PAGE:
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Word-processing affects handwriting

by Roger Broadie published Nov 12, 2009 03:56 PM, last modified Apr 05, 2011 11:05 PM
Early use of a word-processor led to unexpected effects away from the computer

In 1984, on an MEP training course, a Headteacher from a Rotherham primary school was talking over coffee about the use of computers going on in her school. They had two BBC B computers, being used with a year group for writing. She explained the pupils were only getting about 15 minutes a week each on the computers, using a word-processor. But "It's rather odd" she said, "even though they are only getting a very small amount of time on the computer, almost without exception they have all increased the amount of handwriting they are doing by a half to two-thirds!"

We had talked in previous courses about computers changing what happened in teaching and learning in fundamental ways, that could not be predicted even if you knew a great deal about pupils, teachers, learning and computers, but this was the first time I realised that there could be some very powerful and very deep personal attitude changes that could have immense positive impact on learning.

We discussed possible reasons:

  • pupils able to see their writing presented well;
  • the ability to amend errors making them less scared of writing;
  • there being no need to struggle with holding and guiding a pen allowing them to concentrate on what they wanted to say instead of the process of writing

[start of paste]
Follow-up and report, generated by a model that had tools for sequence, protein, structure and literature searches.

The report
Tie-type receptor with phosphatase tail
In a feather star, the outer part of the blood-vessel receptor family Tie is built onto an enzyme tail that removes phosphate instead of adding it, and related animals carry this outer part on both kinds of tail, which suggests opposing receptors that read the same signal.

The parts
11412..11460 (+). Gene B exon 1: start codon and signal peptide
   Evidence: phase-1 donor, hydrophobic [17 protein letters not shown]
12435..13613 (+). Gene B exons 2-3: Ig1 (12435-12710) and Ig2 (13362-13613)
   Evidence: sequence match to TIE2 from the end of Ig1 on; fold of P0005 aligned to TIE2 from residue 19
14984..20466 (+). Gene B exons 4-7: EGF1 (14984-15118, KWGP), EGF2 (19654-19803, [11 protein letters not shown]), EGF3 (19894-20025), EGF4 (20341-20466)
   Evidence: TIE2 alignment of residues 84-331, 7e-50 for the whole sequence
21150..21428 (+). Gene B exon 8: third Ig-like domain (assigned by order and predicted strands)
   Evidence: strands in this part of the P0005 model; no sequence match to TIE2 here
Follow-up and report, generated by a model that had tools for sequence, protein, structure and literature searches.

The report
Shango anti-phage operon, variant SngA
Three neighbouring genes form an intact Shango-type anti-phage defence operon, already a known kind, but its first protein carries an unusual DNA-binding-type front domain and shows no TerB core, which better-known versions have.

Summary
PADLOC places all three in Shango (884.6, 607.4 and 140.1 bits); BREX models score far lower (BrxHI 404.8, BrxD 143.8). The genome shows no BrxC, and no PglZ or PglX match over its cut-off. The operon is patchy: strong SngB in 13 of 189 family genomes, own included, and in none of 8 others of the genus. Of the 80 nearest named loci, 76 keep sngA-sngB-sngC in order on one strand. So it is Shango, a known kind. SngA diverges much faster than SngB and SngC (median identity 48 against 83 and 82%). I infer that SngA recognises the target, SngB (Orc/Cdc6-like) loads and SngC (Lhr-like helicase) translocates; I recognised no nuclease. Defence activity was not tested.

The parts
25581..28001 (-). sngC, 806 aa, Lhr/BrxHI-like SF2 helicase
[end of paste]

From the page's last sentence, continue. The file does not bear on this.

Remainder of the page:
- but she did not know the answers. I asked if she had the evidence to show this improvement - but she had not measured a baseline against which to compare. And this alerted me to the difficulties we were going to have in researching impact of ICT.

The messages for the future are that it is the people changes that matter and which need to be researched and tracked. And that doing so must involve looking at before and after of processes in learning, the difficulty being that you don't know what change is going to happen, so it is very hard to know what baseline to measure.

In a recent study we are seeing a growth of trust between pupils and teachers being the result of a way of using ICT that some schools are adopting - this was not predicted as a possible result of the change they made, and anyway, how do you measure trust?